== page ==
HOUSING: by Patrick J. ByrneNews Weekly
Australia has the least affordable housing
, February 19, 2011
Australia has the highest priced housing relative to household incomes in the English speaking world, according to the 7th Annual Demographia International Housing Survey: 2011.
In Australia's major housing markets, median house prices are 7.1 times median household income, a level exceeded only by Hong Kong at 11.4.
The annual survey rates city and national housing markets as follows:
• Affordable, 3.0 or less.
• Moderately affordable, 3.1 to 4.0.
• Seriously unaffordable, 4.1 to 5.0.
• Severely unaffordable, 5.1 and over.
The report says that, historically, most Western world housing markets had affordable markets of median housing prices being only 3.0 times median incomes, or less, and that Australia had a good record of affordable housing, until recent times.
The survey shows that of the 82 metropolitan markets surveyed across the English-speaking world, Sydney, Melbourne, Brisbane, Adelaide and Perth are all in the "severely unaffordable" category.
Outside of Australia's major metropolitan markets, Coffs Harbour (NSW) was the least affordable at 9.1, the Sunshine Coast (Qld) at 8.4, while the Gold Coast (Qld-NSW) was 7.7 on the housing affordability scale.Demographia
surveys housing prices in 325 housing markets - including 82 metropolitan markets - in Australia, Canada, Hong Kong, Ireland, New Zealand and the United States.
The annual survey is conducted by Wendell Cox and Hugh Pavletich. Cox runs Wendell Cox Consultancy/Demographia, in St Louis in the American state of Missouri, is a fellow of numerous conservative think-tanks, and is a frequent commenter in conservative US and UK newspapers.
Hugh Pavletich is managing director of Pavletich Properties Ltd, a commercial property development and investment company, based in Christchurch, New Zealand.
The authors argue that while there are more elaborate indicators, which mix housing affordability and mortgage affordability, these can mask the "structural elements" of house pricing which are often not well understood outside the financial sector.
In contrast, the authors say that using the ratio of median house prices to median household incomes method - recommended by the World Bank and the United Nations and is used by the Harvard University Joint Center on Housing - gives a better snapshot of affordability.
After all, they say, "If house prices double or triple relative to incomes, as has occurred in many severely unaffordable markets, mortgage payments will also be double or triple, whatever the interest rate."
The report says that even after the global financial crisis (GFC), there has been an ongoing housing bubble in markets, with Los Angeles, San Francisco, New York and Boston, Greater London, Vancouver and Toronto all experiencing high ratios of housing cost to income.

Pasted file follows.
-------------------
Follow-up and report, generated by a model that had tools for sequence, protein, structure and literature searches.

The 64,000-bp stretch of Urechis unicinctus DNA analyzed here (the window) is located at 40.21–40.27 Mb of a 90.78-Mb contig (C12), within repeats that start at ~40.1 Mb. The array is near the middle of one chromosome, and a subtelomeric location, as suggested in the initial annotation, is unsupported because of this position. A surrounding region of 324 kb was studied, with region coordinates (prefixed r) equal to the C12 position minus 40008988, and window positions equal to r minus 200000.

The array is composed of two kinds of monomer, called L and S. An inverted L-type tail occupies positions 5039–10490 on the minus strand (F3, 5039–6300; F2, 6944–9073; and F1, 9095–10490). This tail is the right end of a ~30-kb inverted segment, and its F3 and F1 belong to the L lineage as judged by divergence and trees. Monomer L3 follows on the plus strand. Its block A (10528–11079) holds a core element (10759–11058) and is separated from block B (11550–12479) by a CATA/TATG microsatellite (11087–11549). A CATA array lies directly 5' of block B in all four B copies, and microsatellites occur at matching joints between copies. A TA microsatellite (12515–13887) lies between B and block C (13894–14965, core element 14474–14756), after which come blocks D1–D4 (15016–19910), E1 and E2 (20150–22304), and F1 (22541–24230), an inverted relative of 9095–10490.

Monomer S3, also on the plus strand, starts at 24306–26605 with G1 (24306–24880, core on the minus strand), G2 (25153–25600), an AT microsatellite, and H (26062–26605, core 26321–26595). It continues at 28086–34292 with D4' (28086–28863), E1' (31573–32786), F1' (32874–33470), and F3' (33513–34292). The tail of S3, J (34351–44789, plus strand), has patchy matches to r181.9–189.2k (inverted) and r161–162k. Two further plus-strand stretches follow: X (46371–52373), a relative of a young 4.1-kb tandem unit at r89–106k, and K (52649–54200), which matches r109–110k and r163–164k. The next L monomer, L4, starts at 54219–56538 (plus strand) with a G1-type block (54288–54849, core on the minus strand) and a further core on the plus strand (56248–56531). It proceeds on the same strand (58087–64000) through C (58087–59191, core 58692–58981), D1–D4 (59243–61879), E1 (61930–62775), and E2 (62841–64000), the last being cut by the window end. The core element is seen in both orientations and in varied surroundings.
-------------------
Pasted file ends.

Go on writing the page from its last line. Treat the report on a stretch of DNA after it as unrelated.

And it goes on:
It goes on to say: "But perhaps most remarkable has been the shift in Australia, once the exemplar of modestly priced, high-quality middle-class housing, to now the most unaffordable housing market in the English-speaking world."
The report says that soaring house prices have been due to advocates for "smart growth" succeeding in placing restrictions on development on the edge of the urban fringe. This has tended to drive up prices in many markets, including those, such as in Australia, where land remains relatively plentiful near major cities.
Indeed, according to the report, "in Australia, 95 per cent of the increase in inflation-adjusted
new house (and land) costs were attributable to land, rather than construction from 1993 to 2006."Demographia
says that the Organisation for Economic Cooperation and Development (OECD) has warned Australia to "ease" its housing supply constraints, which have driven up housing prices.
"Smart growth" ideology seeks to limit urban sprawl by creating dense communities built around transit lines.
These high-density estates replaces large areas that could accommodate both parks and lower-density middle-class housing. These areas are essentially walled off and often left only to those wealthy enough to afford large estates and second homes.
Although "smart growth" is labelled as "progressive", Demographia
argues that it's a "regressive" concept because it forces up the price of housing, thereby depriving many families of the chance to be able to buy a home.
Further, "smart growth" embraces the idea of families renting rather than buying their own home.Demographia
warns: "This is a very dangerous concept, essentially promoting a form of neo-feudalism which reverses the great social achievement of dispersing property ownership."Patrick J. Byrne is vice-president of the National Civic Council.